September 24, 2018 Vintage shoot analysis (CSP NL November 2018)

Creative Director Garion visits the archives.

This shoot I made of model Ana 14 years ago has a lot of things wrong with it (especially when compared with our current assessment system!), but a few things that worked really well.

This was made before we had any kind of shoot assessment system, and was really when we were still defining what AW was all about. We shot at the model’s second-floor apartment in inner-city Melbourne (on the AW site, the stills-only shoot is split into two updates, as we used to do back then).

Looking through the shoot, perhaps the most obvious thing is the visiting window washer just as the model was getting nude. There was a confusing moment where she asked me if she should keep going and I was panicking. I was as alarmed as she was by the visitor, but she seemed down with proceeding, so we captured a few images with him in the background. It’s a memorable moment in the shoot, but not the best bit!

At the time, I was pushing myself with lighting and trying to master mixing two sources – flash and natural light. This shoot was an instrumental turning point for me, the first time I mixed sources to (I think) excellent effect. I used a bare flash head pointing into the corner of a room (where the ceiling and two walls met), making circle with a 5-foot /  150cm diameter, set to the lowest power (ideally, I wanted even lower power, but the flash head could not do it). This is coming from camera-left in the above images.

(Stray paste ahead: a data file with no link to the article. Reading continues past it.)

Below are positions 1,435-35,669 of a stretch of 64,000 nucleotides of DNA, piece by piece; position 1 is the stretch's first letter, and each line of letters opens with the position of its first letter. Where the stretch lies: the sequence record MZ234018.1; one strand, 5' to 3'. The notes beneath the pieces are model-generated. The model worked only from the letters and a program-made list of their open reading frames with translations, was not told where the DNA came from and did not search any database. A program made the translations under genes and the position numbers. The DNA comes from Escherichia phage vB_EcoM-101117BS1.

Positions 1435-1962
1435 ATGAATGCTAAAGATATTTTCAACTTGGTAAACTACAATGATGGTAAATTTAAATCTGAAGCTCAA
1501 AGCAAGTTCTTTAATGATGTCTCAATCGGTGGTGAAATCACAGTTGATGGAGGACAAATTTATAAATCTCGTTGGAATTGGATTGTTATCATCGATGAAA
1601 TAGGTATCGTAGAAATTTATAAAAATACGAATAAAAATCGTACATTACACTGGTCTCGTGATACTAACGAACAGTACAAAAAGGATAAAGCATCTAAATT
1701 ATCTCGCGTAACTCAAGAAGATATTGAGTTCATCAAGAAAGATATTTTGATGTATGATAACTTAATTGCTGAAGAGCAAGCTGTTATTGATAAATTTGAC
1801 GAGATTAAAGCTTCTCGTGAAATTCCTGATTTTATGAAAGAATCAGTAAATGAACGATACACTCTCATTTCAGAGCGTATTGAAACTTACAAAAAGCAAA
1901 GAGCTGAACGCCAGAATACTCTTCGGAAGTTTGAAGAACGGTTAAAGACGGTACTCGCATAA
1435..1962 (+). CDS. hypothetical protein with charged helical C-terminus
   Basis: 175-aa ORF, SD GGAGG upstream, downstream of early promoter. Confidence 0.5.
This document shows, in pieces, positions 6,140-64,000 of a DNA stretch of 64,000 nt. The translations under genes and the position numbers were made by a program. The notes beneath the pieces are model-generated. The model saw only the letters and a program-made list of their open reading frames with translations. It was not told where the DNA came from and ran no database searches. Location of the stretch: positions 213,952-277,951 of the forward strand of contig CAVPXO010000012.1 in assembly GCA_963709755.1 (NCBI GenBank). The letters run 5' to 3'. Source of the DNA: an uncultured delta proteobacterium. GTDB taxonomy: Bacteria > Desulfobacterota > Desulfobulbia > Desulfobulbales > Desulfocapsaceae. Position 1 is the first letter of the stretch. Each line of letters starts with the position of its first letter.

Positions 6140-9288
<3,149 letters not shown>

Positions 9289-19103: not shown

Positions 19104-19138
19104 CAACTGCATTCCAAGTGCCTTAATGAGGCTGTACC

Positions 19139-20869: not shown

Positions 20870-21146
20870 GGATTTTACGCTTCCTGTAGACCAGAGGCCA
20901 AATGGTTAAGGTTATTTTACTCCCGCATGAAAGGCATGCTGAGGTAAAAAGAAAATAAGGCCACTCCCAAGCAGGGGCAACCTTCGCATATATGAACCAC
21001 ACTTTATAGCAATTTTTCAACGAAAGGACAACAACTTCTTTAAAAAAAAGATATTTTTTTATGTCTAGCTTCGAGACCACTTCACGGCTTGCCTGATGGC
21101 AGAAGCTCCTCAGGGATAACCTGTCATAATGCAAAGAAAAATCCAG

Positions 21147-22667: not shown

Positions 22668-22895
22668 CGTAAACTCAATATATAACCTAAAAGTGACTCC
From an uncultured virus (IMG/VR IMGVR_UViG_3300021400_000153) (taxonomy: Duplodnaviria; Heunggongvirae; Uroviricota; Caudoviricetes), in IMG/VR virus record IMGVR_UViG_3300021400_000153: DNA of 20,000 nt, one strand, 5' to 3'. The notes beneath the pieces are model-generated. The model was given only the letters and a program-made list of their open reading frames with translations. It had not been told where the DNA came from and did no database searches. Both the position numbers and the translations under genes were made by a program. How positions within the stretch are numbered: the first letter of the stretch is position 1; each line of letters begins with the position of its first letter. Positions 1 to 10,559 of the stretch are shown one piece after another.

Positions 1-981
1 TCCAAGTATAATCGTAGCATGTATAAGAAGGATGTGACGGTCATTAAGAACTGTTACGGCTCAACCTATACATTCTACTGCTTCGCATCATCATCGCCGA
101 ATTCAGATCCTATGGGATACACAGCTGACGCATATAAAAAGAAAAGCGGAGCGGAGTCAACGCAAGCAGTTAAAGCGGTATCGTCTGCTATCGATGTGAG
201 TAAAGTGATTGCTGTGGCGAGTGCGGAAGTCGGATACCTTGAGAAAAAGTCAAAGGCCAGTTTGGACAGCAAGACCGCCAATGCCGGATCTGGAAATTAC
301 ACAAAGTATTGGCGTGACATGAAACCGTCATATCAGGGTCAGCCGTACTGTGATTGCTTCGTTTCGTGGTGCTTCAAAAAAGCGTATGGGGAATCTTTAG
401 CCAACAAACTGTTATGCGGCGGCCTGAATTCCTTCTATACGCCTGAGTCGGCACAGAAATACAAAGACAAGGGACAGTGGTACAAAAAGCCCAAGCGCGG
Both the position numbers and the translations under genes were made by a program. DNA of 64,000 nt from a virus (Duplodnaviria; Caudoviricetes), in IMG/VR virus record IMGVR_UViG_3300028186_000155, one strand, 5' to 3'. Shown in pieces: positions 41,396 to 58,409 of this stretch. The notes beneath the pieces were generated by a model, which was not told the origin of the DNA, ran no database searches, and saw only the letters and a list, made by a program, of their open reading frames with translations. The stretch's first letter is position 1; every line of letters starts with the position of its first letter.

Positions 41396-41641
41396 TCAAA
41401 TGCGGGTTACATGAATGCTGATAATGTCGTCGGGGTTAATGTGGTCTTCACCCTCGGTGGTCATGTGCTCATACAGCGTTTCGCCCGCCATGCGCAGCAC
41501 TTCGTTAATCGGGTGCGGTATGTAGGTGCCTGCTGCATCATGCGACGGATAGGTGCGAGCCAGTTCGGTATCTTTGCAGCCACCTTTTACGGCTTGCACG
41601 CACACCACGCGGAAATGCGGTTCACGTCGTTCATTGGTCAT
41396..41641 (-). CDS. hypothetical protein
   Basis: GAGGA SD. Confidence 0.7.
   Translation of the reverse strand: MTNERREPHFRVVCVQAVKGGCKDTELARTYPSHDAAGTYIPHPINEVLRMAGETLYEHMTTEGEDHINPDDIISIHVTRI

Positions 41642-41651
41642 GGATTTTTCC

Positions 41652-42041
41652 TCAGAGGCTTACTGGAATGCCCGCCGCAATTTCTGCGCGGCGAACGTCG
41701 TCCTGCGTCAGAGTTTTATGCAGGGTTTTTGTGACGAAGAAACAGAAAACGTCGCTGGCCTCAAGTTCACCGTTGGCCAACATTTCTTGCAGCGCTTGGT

In this image (also above), the mix of natural light and flash works very well – her tummy and breast are perfectly highlighted, emphasising her feminine curves. Unfortunately, the background is blown out which is a terrible effect and the sign of an amateur (and in the first image above, we can see all sorts of ugly power cables on the poles outside).

Sure, the light on her looks good, but as a whole frame it’s a bit lame. Took me some time to realise that the same way you don’t want to have flash gear or stands in shot, it’s also better to not have overcast sky in shot either. Shoot Producer Misha illustrates this to great effect in Kenji’s outside shoot  – well, theresome hits and misses, here’s a great one.

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